How do you frame a mass timber building? Is the best way to do it 100% as timber, or should you utilize a hybrid approach incorporating other structural materials? Bearing walls vs. post and beam vs. post and plate? How does project use and size affect these decisions?
So what happened in 2021 in the world of mass timber? Here are my top takeaways from a very full year of mass timber design and construction in the US.
One of the biggest misconceptions about timber buildings is that they do not perform well in fire. Although mass timber elements can be encapsulated in gypsum wallboard or a similar material to achieve the required fire-resistance rating, most designers and owners prefer to leave the timber elements exposed.
Mass timber is a unique building material and, to set a project up for success, there are some critical decisions that should be made as early as possible. These decisions can have a big impact on cost and can either increase or limit opportunities later in design.
While there is no single answer as to what makes a mass timber project successful vs. not moving forward with it, there are some common themes that are evident in many mass timber projects which do realize completion. In this video, I break down a list of 10 items that can help lead a mass timber project to success.
Mass timber panels including cross laminated timber (CLT) have the ability to span in 2-directions, using structural properties obtained in both the major and minor panel axes. Doing so can result in a beamless system often referred to as Post and Plate (a framing configuration also used in flat plate concrete construction).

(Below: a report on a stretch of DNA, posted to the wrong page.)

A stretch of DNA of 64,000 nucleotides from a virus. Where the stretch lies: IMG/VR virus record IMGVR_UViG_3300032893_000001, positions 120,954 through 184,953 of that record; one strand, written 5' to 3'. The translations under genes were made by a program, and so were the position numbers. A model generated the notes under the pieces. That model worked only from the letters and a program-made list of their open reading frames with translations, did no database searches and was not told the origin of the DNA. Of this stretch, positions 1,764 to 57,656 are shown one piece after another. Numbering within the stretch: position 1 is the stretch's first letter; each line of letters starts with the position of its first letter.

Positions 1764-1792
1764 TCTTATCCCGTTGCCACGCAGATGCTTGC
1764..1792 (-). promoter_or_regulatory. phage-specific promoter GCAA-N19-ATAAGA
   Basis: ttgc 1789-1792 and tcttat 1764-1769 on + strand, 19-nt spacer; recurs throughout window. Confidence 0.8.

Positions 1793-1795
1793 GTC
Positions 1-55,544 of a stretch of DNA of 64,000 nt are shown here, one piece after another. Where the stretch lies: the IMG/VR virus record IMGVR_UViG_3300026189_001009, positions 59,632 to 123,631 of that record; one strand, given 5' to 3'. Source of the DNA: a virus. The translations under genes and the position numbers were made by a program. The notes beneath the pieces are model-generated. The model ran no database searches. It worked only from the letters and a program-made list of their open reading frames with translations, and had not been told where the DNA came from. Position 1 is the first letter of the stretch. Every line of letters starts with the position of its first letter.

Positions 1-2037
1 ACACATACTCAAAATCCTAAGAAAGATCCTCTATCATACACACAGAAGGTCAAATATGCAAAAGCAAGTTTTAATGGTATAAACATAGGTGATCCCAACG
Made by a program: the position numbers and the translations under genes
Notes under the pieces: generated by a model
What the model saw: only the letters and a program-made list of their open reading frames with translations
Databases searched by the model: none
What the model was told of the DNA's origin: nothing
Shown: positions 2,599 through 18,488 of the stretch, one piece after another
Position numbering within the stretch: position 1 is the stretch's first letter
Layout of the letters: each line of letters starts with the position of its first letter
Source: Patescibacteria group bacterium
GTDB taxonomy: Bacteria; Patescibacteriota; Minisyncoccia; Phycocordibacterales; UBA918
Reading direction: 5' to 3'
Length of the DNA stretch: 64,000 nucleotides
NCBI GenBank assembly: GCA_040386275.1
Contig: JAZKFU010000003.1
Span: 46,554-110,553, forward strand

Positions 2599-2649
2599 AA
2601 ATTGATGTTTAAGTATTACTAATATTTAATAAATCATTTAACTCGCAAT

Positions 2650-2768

Is there a building size, height, number of stories, or occupancy in which mass timber works the best? In this video, I take a look at optimizing mass timber for a variety of projects, but rather than looking at this from a size and scale perspective, the focus is on structural material replacements for other systems in which mass timber works well - particularly post and beam framing.
A benefit associated with the use of mass timber construction that is commonly cited is the reduction in foundations - specifically the ability to make foundations smaller than what they would be if the building were framed with other, heavier materials. However, the required size of the foundations in a building is based on more than just the weight of the structure.